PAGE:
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Meaning and etymology of the name Levi




Levi Levi


There is only one Levi in the Old Testament, namely the third son of Jacob with Leah (Genesis 29:34), who gave rise to the priestly caste of the Levites. Levi's older brothers are Reuben and Simeon. His younger brothers are Judah, Issachar and Zebulun. Their only sister's name is Dinah. The revenge of her rape by Shechem the Hivite (Genesis 34), results in Levi and the Levites remaining landless (Genesis 49:5-7). Levi's half-brothers are Dan and Naphtali, the sons of Bilhah; Gad and Asher, sons of Zilpah, and Joseph and Benjamin, sons of Rachel. Together they form the twelve tribes of Israel.

In the New Testament the name Levi occurs three times: two ancestors of Christ (Luke 3:24 and 29), and the apostle a.k.a Matthew (Compare Matthew 9:9 with Luke 5:27).

There is some controversy about the etymology of the name Levi. BDB Theological Dictionary suggests that the name Levi was derived from the word Levite, in stead of vice versa, and that the word Levite has to do with a Minaean word for priest. Another suggestion is that the name Levi (Levi) is derived from the name Leah (Leah) and means Weary, rather than something else. HAW Theological Wordbook of the Old Testament disagrees with this kind of 'strong disclaimers' and (as does NOBS Study Bible Name List) derives the name Levi from the verb lawa (lawa) meaning join, be joined. This is the verb that Leah uses when she names Levi, "Now this time my husband will be joined to me, because I have borne to him three sons." (Genesis 29:34)

Scholars divide the word lawa into three separate roots, although these roots are obviously related in meaning:
The verb lawa (lawa) means join or be joined, and 'refers to the joining of an item or person to someone or something else' (HAW Theological Wordbook of the Old Testament ) (Numbers 18:2; Isaiah 14:1, Jeremiah 50:5).
The verb lawa (lawa) means borrow or lend. HAW Theological Wordbook of the Old Testament volunteers that this verb 'may be a specialized usage' of the previous lawa. This verb is used only once to indicate simply a profitable transaction (Nehemiah 5:4). All other occurrences 'reflect theological and moral perspectives in the OT' (see Exodus 22:25). The relationship with the previous lawa becomes clear in Proverbs 22:7, "...the borrower becomes the lender's slave."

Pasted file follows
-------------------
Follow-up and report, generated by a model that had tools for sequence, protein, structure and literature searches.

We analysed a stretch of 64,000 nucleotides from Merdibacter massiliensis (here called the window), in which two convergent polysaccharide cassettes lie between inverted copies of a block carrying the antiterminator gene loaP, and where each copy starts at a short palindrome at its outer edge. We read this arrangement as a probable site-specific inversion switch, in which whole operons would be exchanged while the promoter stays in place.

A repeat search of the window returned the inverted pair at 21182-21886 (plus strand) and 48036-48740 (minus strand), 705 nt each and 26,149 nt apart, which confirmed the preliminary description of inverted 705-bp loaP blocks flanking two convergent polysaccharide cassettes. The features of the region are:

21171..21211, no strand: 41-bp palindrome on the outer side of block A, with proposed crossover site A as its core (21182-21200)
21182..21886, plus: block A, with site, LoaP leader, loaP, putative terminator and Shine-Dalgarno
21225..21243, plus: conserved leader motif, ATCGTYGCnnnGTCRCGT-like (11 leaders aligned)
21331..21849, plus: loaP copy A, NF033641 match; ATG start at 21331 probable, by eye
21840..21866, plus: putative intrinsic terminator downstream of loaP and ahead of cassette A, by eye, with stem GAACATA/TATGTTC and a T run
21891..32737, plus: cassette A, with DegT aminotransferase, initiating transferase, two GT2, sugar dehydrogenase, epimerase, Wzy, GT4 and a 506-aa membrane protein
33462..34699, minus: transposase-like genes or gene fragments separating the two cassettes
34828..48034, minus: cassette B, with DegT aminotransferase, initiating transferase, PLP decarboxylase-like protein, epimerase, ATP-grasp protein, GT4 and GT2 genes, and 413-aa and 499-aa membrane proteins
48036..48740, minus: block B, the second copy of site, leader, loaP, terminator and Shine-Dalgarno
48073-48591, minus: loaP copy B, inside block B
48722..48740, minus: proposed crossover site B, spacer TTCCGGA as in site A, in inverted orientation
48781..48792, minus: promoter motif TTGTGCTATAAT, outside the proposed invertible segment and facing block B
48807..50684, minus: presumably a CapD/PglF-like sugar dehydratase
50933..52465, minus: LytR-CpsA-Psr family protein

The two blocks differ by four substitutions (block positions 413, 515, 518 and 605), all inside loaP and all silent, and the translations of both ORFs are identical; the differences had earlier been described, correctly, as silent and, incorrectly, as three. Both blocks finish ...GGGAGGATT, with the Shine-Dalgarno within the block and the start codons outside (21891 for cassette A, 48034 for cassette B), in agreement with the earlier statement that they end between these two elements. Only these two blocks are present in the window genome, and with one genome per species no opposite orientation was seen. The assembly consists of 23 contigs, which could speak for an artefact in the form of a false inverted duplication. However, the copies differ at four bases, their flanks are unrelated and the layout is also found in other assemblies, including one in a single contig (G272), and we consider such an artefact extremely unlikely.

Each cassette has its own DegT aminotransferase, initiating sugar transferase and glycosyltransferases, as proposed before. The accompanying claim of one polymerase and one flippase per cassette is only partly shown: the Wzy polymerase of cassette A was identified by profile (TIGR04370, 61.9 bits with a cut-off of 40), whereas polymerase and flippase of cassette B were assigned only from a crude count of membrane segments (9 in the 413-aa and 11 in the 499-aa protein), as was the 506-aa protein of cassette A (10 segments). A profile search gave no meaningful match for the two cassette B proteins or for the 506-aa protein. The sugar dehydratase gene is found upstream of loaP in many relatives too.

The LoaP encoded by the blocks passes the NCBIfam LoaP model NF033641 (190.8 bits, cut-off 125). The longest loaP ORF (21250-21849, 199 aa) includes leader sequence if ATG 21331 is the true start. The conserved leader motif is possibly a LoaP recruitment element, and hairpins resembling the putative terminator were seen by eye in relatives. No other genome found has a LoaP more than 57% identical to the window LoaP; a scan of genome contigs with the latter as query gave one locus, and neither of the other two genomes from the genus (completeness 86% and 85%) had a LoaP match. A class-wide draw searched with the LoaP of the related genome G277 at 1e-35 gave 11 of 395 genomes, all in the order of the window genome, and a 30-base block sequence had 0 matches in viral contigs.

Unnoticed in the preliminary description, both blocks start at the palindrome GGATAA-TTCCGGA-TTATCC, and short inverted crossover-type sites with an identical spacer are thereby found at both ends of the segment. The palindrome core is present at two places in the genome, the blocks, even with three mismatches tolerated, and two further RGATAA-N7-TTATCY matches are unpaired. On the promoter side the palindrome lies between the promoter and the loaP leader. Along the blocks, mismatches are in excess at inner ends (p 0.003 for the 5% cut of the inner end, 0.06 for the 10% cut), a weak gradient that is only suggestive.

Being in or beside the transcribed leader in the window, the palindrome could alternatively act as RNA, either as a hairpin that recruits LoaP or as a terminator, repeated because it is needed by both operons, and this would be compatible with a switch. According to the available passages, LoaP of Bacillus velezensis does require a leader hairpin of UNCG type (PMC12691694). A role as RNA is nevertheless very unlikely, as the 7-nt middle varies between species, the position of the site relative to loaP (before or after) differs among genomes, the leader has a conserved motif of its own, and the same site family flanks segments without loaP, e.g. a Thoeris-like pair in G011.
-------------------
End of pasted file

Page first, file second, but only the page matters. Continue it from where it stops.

The assumed and untranslated root lawa (lwh) gives rise to the words liwya (liwya a1) and loya (loya a2), both meaning wreath. Although the wreath is an item that is typically coiled or twisted, its both ends are also joined to make a circle. Another derivation of this same root is the word Leviathan (liwyatan), which in English is pronounced as Leviathan. The various usages of the name Leviathan obviously depict different animals, and thus the word liwyatan denotes a category of fierce, coiling creatures (crocodiles, hippos, snakes). Because of the relation with the first lawa (be joined) some suggest that even the mythological snake Ouroboros, who bites his own tail, may be grouped under the Leviathanic head.

In an absolute sense, the name Levi means Joined or Lender or Coiler, but judging from the context that also produced his name, the meaning of Joined is preferred.

For a meaning of the name Levi, NOBS Study Bible Name List reads Joined. Jones' Dictionary of Old Testament Proper Names offers the eloquent Adhesion.






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